Not only is there an art in knowing a thing, but also a certain art in teaching it.
Every day you give others information in an informal way, whether you realize it or not. You give your grandparents driving directions to your college campus. You tell your professor about a breaking news story. You teach a friend how to ride a motorcycle. You explain to your significant other your spiritual philosophy. You show a co-worker how to operate the cash register. You help your younger brother build his first Facebook page. Or you share your summer travel experience with your roommate. Without a doubt, information plays a vital role in our everyday lives. In the dictionary, the term “inform” has several meanings, including to impart knowledge; to animate or inspire; to give information or enlightenment; to furnish evidence; to make aware of something; to communicate something of interest or special importance; to give directions; and to provide intelligence, news, facts or data. When you deliver an informative speech, your primary purpose is to give your audience information that they did not already know, or to teach them more about a topic with which they are already familiar.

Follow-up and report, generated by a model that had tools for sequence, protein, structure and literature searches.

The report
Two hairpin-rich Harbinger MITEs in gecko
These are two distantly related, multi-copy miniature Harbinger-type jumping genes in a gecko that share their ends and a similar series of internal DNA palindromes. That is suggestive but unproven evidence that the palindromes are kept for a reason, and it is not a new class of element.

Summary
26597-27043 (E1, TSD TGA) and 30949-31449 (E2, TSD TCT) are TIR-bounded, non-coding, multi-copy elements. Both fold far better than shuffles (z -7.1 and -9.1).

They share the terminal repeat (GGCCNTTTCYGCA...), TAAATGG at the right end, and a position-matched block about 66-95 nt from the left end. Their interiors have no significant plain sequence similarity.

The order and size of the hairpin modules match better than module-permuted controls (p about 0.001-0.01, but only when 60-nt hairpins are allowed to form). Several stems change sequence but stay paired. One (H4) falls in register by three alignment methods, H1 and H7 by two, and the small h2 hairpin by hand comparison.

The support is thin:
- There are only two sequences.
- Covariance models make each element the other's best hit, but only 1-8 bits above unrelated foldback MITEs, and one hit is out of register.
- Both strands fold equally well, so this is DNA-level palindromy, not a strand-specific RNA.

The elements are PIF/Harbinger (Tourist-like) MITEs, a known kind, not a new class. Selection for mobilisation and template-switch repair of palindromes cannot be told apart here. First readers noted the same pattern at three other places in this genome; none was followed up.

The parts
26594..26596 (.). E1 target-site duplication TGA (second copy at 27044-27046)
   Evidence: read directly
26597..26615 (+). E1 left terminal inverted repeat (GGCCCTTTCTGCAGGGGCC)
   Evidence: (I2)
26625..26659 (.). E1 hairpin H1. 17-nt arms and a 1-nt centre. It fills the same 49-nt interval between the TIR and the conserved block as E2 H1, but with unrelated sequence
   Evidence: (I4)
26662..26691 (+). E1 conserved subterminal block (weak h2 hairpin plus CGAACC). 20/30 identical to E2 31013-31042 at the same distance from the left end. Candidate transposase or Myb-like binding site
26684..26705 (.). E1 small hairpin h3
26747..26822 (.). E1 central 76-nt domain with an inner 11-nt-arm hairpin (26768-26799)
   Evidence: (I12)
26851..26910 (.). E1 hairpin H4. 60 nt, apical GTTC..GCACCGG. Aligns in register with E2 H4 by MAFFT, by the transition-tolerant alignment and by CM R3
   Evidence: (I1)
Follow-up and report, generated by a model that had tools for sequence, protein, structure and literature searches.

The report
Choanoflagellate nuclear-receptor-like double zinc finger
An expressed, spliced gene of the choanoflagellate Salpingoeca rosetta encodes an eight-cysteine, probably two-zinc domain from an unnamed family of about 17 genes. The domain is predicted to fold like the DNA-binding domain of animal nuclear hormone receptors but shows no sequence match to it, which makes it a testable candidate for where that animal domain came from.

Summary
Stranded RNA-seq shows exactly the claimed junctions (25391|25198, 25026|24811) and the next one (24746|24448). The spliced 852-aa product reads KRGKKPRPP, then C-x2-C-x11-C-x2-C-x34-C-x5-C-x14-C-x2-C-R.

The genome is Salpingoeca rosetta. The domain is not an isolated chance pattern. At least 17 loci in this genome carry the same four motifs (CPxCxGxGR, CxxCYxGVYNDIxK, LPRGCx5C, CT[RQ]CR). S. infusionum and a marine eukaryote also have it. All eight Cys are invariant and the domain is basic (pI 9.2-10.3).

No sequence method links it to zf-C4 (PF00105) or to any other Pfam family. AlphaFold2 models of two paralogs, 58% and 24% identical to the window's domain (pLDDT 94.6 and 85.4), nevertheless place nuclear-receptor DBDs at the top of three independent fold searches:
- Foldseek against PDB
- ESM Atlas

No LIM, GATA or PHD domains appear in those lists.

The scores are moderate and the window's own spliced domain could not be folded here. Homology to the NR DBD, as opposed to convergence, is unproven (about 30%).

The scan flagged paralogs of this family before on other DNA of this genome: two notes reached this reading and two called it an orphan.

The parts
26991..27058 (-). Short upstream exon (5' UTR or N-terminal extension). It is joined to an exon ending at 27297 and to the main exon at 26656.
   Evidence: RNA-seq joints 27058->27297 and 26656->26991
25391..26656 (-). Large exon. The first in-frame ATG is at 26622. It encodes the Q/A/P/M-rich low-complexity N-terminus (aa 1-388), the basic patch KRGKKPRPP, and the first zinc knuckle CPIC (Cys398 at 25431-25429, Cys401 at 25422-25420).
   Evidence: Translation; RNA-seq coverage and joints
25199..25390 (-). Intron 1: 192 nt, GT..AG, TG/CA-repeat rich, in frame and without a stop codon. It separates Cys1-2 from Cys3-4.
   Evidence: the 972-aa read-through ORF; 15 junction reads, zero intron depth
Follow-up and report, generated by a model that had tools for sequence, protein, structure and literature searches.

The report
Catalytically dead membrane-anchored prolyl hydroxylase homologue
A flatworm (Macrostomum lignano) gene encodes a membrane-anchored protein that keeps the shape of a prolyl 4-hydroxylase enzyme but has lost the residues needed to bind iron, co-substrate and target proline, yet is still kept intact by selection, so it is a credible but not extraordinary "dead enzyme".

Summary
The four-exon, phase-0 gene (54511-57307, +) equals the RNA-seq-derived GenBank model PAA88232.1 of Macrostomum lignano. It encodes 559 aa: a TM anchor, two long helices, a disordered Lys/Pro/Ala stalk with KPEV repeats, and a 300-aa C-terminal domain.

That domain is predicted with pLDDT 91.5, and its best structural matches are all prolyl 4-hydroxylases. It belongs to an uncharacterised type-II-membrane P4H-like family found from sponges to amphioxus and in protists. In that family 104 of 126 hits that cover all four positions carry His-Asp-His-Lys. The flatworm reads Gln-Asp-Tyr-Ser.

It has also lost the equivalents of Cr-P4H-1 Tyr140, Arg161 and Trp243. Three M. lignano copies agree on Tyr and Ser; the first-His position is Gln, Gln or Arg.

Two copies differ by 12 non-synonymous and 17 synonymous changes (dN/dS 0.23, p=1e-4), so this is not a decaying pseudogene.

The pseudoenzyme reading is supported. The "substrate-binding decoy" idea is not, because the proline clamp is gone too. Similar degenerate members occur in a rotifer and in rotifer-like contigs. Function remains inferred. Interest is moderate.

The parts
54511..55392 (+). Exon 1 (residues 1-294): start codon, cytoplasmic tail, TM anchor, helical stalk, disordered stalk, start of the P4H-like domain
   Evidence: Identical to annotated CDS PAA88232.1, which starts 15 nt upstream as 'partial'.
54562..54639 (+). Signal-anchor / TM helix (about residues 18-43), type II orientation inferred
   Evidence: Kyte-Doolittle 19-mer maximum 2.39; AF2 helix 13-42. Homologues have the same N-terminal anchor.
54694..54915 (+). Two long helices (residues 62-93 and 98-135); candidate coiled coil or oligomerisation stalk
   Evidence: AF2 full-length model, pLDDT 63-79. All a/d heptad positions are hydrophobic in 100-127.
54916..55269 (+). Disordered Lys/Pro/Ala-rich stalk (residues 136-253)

Your ability to give informative speeches is one of the most important skills you will ever master, and it will be used both during the course of your career, and in your personal life. A pharmaceutical sales representative who can’t describe the products’ chemical composition, uses and side effects, will have trouble making a sale. A high school math teacher who can’t explain algebra in simple terms will have students who will not learn. A manager who can’t teach workers how to assemble microchips will have a department with low productivity and quality. And a little league coach who is unable to instruct players on batting and catching techniques will have a disadvantaged team. It is easy to imagine how difficult it would be to go about the business of our daily lives without the ability to give and receive information. Speeches to inform are the most common types of speeches (Gladis, 1999), so speech writers should give priority to learning how to construct them.
A speaker hasn’t taught until the audience has learned.